Expert SMSF insights

23 Aug, 2018

How to combine trusts with an SMSF: getting the most out of both structures

By Graeme Colley

Graeme Colley SuperConcepts SMSF expert

Superannuation is a tax-advantaged structure. However, since 1 July 2017 super concessions have been curtailed with reduced contributions caps and a ceiling on the amount that can be transferred to retirement phase.

To offset this wind back, there are other opportunities available to SMSFs such as partnerships, companies, joint ventures – as well as investing into trusts which we’ll examine further.

Trust options to consider

There are many types of trusts, however, the two main trust structures are unit and discretionary trusts. A discretionary trust does present some problems for an SMSF, as any income the SMSF receives will be taxed at penalty rates as non-arm’s length income. A unit trust would be the better choice, as income distributed to the SMSF can continue to be taxed concessionally if it’s done correctly.

Within a unit trust, certain trust assets can be leased or rented to ‘related parties’ such as members, trustees, their relatives or related entities. This, for example, may involve the unit trust owning business property which is rented to a related party on an arm’s length basis. The benefit of this is that the unit trust receives rent from the related party which is then distributed to the super fund. The related party may be eligible for a tax deduction for any rent paid on the business premises. The difference in the tax rates on the rent received by super fund compared to the related party (such as a company or individual) that pays it, can help boost the member’s superannuation balance.

How to invest in a unit trust

Combining an SMSF and a unit trust requires the fund to purchase units in the trust at market value. Market value can be determined in many ways, but it is usually the net realisable value of the underlying assets of the unit trust, or a nominal value when the trust has been established. The benefit of the unit trust is that it may have other unitholders who can purchase units or make loans to the unit trust. 

Is the trust an in-house asset?

Once the super fund is a unit holder, the trustees of the fund need to be aware of the impact of the SIS Act and Regulations so there is no breach of the rules. As a rule, units owned by a super fund in a unit trust that is ‘controlled’ by related parties, including the fund, are treated as an ‘in-house asset’ which carries restrictions.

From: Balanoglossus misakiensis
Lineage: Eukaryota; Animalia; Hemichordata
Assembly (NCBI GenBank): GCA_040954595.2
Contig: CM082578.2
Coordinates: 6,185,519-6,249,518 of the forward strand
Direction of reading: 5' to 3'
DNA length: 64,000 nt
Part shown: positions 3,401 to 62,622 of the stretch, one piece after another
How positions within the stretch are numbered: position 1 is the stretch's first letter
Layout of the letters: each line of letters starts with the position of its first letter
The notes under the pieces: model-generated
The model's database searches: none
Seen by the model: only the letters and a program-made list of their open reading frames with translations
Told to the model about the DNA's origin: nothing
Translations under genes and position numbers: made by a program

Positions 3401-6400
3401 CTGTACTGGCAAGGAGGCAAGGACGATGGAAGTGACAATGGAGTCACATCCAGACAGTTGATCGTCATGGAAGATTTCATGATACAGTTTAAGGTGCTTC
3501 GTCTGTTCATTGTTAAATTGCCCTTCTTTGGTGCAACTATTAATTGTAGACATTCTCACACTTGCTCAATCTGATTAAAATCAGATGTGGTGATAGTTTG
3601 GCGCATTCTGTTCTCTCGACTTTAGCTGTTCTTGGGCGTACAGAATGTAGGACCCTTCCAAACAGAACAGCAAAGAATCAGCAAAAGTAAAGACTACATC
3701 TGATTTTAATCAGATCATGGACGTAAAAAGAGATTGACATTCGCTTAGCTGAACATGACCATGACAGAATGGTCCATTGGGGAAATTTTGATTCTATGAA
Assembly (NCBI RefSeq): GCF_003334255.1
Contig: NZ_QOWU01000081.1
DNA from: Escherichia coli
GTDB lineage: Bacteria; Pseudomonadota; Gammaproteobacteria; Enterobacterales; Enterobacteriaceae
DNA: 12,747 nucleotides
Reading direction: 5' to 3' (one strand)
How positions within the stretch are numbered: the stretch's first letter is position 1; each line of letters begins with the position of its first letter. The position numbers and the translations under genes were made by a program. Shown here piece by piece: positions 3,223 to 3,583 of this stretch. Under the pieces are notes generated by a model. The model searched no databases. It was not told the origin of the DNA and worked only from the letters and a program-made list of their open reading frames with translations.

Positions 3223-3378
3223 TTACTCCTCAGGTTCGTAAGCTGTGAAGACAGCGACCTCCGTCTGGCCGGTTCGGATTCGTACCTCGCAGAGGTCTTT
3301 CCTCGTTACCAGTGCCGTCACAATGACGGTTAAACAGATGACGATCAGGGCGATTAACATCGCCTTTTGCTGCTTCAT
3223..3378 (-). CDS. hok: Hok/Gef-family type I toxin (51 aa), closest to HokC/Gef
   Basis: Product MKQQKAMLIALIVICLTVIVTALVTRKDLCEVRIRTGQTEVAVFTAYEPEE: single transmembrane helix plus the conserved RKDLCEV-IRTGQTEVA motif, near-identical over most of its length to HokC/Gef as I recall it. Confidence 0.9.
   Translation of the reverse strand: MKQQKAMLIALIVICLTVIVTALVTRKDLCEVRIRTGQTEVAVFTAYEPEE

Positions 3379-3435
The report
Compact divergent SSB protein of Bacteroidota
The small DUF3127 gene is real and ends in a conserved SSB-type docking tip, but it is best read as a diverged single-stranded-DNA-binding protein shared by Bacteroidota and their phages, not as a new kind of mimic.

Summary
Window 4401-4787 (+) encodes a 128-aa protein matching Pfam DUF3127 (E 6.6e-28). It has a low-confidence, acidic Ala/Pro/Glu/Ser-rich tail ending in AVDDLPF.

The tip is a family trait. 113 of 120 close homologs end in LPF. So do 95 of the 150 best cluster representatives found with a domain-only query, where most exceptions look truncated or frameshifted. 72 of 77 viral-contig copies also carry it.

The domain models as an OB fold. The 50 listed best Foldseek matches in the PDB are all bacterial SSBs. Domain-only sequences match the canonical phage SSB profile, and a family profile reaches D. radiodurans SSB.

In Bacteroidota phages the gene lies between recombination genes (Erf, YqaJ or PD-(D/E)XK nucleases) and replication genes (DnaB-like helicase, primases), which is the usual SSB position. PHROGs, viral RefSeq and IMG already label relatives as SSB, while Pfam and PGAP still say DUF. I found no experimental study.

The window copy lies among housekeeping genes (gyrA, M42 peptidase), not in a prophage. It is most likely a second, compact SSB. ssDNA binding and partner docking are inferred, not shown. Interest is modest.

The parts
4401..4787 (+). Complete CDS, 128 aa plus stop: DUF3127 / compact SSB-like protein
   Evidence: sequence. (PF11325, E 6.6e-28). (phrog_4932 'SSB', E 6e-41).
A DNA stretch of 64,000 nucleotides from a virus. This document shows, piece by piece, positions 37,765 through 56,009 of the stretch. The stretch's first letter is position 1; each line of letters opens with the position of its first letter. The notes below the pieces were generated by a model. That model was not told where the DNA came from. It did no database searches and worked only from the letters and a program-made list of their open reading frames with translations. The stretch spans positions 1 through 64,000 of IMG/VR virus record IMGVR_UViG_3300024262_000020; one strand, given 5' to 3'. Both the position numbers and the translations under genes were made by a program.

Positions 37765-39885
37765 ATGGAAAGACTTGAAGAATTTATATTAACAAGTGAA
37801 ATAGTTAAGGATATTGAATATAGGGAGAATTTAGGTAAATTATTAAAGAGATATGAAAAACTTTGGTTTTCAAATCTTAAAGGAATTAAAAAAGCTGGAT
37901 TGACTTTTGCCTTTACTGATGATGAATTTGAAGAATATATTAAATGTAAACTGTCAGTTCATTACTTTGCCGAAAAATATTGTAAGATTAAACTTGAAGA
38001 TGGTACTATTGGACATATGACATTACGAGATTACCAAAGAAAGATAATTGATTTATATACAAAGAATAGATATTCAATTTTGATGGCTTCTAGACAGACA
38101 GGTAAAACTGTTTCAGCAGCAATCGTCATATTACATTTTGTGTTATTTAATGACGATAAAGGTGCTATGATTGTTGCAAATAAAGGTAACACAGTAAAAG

A unit trust is controlled when related parties hold more than 50% of the units in the unit trust, or the trust deed of the unit trust authorises the related parties to appoint or dismiss the trustees. Careful drafting of the unit trust’s deed is essential to make sure there is no slip up.

In-house assets and the 5% rule

If the units owned by the super fund are in-house assets, then there is a 5% restriction on the proportion of the fund that can be invested in any and all in-house assets. This is measured just before the fund purchases an in-house asset to make sure it will not exceed the 5% limit, and thereafter at the end of each financial year. If a breach occurs at the end of the financial year, the fund must put a plan in place to reduce its holdings of in-house assets to no more than 5% of the market value of the fund.

There is an exception that excludes the fund’s investment in a related unit trust from the in-house asset rules. This applies if the unit trust is not geared, which means the super fund can purchase more than 50% of the units in the unit trust without being treated as an in-house asset. However, a minor breach of the exception can end up with the investment in the unit trust being treated as an in-house asset.

The use of a unit trust as an investment of an SMSF can certainly come in handy by increasing the value of the fund where members have ‘maxed out’ their superannuation balances. However, anyone wishing to take advantage of this strategy needs to make sure there is no breach of the SIS rules otherwise the fund could be penalised and in the worst case be treated as a non-complying fund. Advice from a superannuation expert will prove invaluable.

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